1. Department of Biomedical Sciences, College of Medicine, Inha University, Incheon 22212, Republic of Korea
2. Program in Biomedical Science & Engineering, Inha University, Incheon 22212, Republic of Korea
3. Department of Pharmacology, Yonsei University College of Medicine, Seoul 03722, Republic of Korea
4. Department of Polymer Science & Engineering, Inha University, Incheon 22212, Republic of Korea
5. Department of Molecular Medicine, College of Medicine, Inha University, Incheon 22212, Republic of Korea
6. Research Center for Controlling Intracellular Communication, College of Medicine, Inha University, Incheon 22212, Republic of Korea
7. Department of Microbiology, College of Medicine, Inha University, Incheon 22212, Republic of Korea
#Eun-Taex Oh and Ha Gyeong Kim contributed equally to this work.
Rationale: Overexpression of NAD(P)H:quinone oxidoreductase 1 (NQO1) is associated with tumor cell proliferation and growth in several human cancer types. However, the molecular mechanisms underlying the activity of NQO1 in cell cycle progression are currently unclear. Here, we report a novel function of NQO1 in modulation of the cell cycle regulator, cyclin-dependent kinase subunit-1 (CKS1), at the G2/M phase through effects on the stability of c‑Fos.
Methods: The roles of the NQO1/c-Fos/CKS1 signaling pathway in cell cycle progression were analyzed in cancer cells using synchronization of the cell cycle and flow cytometry. The mechanisms underlying NQO1/c-Fos/CKS1-mediated regulation of cell cycle progression in cancer cells were studied using siRNA approaches, overexpression systems, reporter assays, co-immunoprecipitation, pull-down assays, microarray analysis, and CDK1 kinase assays. In addition, publicly available data sets and immunohistochemistry were used to investigate the correlation between NQO1 expression levels and clinicopathological features in cancer patients.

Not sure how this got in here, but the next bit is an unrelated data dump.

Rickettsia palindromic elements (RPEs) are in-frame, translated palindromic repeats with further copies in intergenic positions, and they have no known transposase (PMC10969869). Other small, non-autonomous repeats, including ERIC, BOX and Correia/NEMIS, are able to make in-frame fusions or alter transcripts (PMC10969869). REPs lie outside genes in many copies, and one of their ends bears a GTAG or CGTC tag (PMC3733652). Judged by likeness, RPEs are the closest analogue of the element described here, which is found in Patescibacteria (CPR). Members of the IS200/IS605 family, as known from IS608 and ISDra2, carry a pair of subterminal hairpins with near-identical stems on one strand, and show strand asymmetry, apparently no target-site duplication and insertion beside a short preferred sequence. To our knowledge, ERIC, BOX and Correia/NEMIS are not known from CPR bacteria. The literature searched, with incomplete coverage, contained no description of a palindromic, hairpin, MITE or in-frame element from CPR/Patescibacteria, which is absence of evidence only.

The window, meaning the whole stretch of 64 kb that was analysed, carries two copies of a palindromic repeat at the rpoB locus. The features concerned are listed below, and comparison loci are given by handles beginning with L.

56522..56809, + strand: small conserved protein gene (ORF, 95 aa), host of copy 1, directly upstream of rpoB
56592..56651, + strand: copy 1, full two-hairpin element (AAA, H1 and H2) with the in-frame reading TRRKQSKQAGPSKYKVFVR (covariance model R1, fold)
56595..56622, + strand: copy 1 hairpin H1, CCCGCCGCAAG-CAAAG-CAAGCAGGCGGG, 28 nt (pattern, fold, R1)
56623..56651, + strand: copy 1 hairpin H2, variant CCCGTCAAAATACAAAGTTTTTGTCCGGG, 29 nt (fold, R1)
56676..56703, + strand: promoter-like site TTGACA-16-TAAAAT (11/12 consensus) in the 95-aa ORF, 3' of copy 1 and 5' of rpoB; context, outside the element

Results: Our results suggest that NQO1 directly interacts with the unstructured DNA-binding domain of c-Fos, which has been implicated in cancer proliferation, differentiation, and development as well as patient survival, and inhibits its proteasome-mediated degradation, thereby inducing CKS1 expression and regulation of cell cycle progression at the G2/M phase. Notably, a NQO1 deficiency in human cancer cell lines led to suppression of c-Fos-mediated CKS1 expression and cell cycle progression. Consistent with this, high NQO1 expression was correlated with increased CKS1 and poor prognosis in cancer patients.
Conclusions: Collectively, our results support a novel regulatory role of NQO1 in the mechanism of cell cycle progression at the G2/M phase in cancer through effects on c‑Fos/CKS1 signaling.
Keywords: NQO1, cancer cell, cell cycle, c-Fos, CKS1